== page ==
Shares of cruise lines including Carnival, Royal Caribbean and Norwegian rose Tuesday after the U.S. Center for Disease Control ended its Covid-19 program for cruise ships.
The CDC’s program for cruise ships, which became voluntary earlier this year, required all passengers to be tested, encouraged vaccinations for staff and passengers and outlined specific quarantine procedures in the event of an outbreak.
The CDC said it would still provide guidance for cruise ships handling of Covid-19 cases, but that companies can now use their own strategies to mitigate the spread on the virus. That means cruise lines can make their own policies regarding vaccination, testing, and quarantine requirements.
Carnival shares were up about 7% at $10.35 in late afternoon trading, while Royal Caribbean shares were up 6% at $36.54 and Norwegian shares rose 4% to $12.88.
The CDC’s change is expected to give cruise liners more flexibility, which could allow for more travelers on ships and lower costs for the industry.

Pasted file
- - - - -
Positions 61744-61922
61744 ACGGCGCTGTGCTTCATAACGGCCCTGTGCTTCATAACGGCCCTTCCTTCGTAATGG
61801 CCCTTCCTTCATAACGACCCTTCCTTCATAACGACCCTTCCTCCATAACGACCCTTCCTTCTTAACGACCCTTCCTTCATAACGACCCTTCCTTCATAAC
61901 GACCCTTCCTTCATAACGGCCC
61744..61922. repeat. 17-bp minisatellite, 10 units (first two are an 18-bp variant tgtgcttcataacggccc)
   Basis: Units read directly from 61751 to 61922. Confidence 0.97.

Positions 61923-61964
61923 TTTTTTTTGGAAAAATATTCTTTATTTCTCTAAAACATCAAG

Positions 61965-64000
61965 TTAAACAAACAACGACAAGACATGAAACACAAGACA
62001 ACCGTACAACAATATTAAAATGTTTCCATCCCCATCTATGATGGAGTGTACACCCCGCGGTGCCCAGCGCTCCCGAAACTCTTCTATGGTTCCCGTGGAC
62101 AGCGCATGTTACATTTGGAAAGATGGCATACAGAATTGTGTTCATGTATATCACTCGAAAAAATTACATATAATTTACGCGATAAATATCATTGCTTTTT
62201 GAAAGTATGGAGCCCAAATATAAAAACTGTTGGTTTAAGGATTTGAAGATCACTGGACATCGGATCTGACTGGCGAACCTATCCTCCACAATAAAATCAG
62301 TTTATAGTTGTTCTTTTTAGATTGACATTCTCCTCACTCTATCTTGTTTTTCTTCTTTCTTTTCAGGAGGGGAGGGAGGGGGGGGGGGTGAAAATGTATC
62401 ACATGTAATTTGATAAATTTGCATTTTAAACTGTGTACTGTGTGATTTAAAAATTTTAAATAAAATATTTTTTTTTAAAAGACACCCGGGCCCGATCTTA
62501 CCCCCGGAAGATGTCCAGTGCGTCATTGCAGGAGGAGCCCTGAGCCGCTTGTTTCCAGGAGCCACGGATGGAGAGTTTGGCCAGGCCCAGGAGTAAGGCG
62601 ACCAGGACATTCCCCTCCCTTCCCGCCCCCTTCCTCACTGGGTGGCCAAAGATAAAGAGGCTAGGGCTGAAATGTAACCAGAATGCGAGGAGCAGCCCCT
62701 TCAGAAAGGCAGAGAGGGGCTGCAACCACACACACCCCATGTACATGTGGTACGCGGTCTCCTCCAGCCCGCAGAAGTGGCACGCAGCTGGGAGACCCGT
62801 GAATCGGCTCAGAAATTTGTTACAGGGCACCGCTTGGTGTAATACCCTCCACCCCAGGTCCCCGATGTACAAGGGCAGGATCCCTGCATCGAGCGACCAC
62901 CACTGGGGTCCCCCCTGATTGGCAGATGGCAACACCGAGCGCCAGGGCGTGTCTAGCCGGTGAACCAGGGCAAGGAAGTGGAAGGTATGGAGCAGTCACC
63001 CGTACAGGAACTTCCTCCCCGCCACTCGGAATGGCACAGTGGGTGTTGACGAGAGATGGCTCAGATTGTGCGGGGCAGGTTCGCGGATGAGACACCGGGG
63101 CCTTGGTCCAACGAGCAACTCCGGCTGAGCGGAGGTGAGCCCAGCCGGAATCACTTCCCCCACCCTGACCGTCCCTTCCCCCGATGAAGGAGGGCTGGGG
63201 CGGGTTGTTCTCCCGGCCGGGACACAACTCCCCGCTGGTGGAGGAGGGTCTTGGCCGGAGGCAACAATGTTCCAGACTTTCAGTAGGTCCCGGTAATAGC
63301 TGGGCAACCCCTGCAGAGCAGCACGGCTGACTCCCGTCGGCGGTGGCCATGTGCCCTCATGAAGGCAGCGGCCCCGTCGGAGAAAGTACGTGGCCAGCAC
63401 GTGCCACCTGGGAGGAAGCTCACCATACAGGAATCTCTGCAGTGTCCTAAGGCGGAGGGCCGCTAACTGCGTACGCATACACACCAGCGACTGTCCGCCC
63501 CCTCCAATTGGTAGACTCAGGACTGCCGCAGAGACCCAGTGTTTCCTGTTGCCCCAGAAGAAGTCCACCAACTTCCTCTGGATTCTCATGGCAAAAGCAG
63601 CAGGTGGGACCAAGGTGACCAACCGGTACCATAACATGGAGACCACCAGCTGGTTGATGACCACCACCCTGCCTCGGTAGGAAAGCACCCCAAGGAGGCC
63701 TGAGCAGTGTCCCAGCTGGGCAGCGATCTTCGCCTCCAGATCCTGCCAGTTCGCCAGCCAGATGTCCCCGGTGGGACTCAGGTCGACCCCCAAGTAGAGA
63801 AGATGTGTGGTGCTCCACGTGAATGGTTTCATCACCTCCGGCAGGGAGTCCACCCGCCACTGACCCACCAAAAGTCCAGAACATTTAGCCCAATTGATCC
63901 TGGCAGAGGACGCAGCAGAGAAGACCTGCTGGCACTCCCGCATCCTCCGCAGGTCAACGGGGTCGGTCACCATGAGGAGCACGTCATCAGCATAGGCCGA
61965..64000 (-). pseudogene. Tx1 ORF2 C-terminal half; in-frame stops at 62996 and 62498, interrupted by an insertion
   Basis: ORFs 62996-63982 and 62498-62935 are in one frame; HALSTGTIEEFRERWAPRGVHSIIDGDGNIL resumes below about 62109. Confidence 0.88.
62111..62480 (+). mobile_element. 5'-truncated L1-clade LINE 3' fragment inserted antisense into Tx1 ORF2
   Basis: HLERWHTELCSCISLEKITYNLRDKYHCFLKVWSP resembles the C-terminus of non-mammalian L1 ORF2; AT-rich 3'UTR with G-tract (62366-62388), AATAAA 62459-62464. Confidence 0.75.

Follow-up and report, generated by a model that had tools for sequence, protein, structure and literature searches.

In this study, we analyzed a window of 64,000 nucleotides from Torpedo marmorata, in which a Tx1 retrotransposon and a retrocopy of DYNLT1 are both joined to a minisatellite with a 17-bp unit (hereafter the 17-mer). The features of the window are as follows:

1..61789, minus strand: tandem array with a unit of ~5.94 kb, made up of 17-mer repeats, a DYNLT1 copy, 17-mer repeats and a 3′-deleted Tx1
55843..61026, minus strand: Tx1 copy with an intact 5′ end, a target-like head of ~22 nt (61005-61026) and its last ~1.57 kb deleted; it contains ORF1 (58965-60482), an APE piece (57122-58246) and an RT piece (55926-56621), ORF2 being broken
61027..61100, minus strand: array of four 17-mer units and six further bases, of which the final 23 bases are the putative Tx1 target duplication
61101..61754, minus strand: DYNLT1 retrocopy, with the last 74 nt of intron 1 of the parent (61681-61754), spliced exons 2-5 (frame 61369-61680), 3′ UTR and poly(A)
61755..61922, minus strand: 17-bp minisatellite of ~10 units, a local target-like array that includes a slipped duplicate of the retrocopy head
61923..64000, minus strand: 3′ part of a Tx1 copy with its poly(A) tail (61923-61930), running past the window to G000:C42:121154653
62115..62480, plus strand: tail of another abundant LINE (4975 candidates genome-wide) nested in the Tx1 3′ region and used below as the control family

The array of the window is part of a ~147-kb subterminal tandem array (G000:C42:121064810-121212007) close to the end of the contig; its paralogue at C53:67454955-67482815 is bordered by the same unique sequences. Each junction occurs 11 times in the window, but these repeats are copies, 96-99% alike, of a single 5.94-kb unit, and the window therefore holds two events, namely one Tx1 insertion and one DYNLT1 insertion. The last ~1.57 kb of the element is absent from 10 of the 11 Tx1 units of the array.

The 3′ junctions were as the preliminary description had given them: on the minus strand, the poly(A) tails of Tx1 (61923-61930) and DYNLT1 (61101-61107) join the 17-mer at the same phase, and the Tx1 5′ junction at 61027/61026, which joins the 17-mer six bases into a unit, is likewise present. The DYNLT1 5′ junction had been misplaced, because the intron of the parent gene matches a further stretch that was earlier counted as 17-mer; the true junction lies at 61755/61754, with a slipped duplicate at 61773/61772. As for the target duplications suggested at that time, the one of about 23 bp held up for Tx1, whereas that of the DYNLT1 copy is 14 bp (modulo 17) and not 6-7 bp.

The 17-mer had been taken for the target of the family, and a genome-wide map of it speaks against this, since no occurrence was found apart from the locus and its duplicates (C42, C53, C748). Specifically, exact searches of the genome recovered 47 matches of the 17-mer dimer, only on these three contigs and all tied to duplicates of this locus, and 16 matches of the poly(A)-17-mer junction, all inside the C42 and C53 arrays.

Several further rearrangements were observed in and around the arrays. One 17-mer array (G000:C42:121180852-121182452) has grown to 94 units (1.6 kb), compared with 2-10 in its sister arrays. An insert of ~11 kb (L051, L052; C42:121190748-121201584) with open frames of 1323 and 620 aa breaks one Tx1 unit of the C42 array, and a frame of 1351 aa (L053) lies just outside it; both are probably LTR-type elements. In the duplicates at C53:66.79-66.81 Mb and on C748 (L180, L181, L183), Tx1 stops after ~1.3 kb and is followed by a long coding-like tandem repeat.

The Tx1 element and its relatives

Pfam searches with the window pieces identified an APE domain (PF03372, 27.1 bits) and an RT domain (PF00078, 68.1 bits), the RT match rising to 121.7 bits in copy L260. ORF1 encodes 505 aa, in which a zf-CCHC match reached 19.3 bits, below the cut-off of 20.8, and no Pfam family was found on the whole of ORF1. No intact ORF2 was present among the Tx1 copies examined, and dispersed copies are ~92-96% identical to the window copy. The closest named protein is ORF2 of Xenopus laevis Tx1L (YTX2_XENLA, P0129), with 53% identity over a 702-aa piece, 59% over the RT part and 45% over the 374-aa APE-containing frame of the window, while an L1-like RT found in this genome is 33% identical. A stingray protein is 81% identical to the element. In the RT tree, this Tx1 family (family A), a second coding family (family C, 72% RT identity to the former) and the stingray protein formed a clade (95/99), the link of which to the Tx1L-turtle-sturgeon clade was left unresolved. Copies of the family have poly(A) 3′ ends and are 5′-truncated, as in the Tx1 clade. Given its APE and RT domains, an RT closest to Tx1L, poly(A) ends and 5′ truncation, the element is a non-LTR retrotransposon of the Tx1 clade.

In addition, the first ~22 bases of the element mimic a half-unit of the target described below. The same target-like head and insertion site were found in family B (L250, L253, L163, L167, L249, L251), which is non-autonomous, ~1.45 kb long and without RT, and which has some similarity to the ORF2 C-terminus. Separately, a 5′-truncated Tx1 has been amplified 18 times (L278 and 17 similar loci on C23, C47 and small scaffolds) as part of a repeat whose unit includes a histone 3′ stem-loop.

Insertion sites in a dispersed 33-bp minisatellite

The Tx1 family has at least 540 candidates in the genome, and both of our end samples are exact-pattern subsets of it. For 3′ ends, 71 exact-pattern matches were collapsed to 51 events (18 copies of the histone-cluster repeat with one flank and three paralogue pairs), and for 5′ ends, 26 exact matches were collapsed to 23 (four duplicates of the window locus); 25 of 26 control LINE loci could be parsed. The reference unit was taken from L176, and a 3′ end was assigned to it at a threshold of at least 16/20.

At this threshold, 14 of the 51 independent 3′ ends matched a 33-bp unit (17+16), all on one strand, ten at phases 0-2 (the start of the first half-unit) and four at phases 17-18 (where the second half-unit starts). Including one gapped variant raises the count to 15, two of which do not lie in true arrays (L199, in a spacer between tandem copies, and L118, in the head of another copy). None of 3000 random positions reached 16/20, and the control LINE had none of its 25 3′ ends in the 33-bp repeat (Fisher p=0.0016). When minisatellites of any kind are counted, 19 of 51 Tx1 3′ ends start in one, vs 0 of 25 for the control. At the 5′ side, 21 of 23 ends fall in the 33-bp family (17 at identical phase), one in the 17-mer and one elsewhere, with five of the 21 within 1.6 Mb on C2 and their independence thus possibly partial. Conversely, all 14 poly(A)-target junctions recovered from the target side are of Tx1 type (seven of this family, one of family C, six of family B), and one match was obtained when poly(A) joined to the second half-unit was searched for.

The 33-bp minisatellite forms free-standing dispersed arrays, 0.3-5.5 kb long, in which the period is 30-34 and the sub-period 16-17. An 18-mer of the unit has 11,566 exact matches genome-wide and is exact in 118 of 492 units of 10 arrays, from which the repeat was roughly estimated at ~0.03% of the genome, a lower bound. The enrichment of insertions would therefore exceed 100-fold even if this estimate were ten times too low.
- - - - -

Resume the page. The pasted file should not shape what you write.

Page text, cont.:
“While we fully expect the cruise operators to continue to mandate passengers to be vaccinated before sailing,” wrote Steven M. Wieczynski, a Stifel analyst. “We believe today’s news will give the cruise operators more flexibility around the inclusion of younger individuals.”
A Royal Caribbean representative said the company is awaiting further guidance from the CDC before setting its own policies.
The cruise industry has been reeling since the pandemic began, and has more recently been working to recover business back toward pre-2020 levels.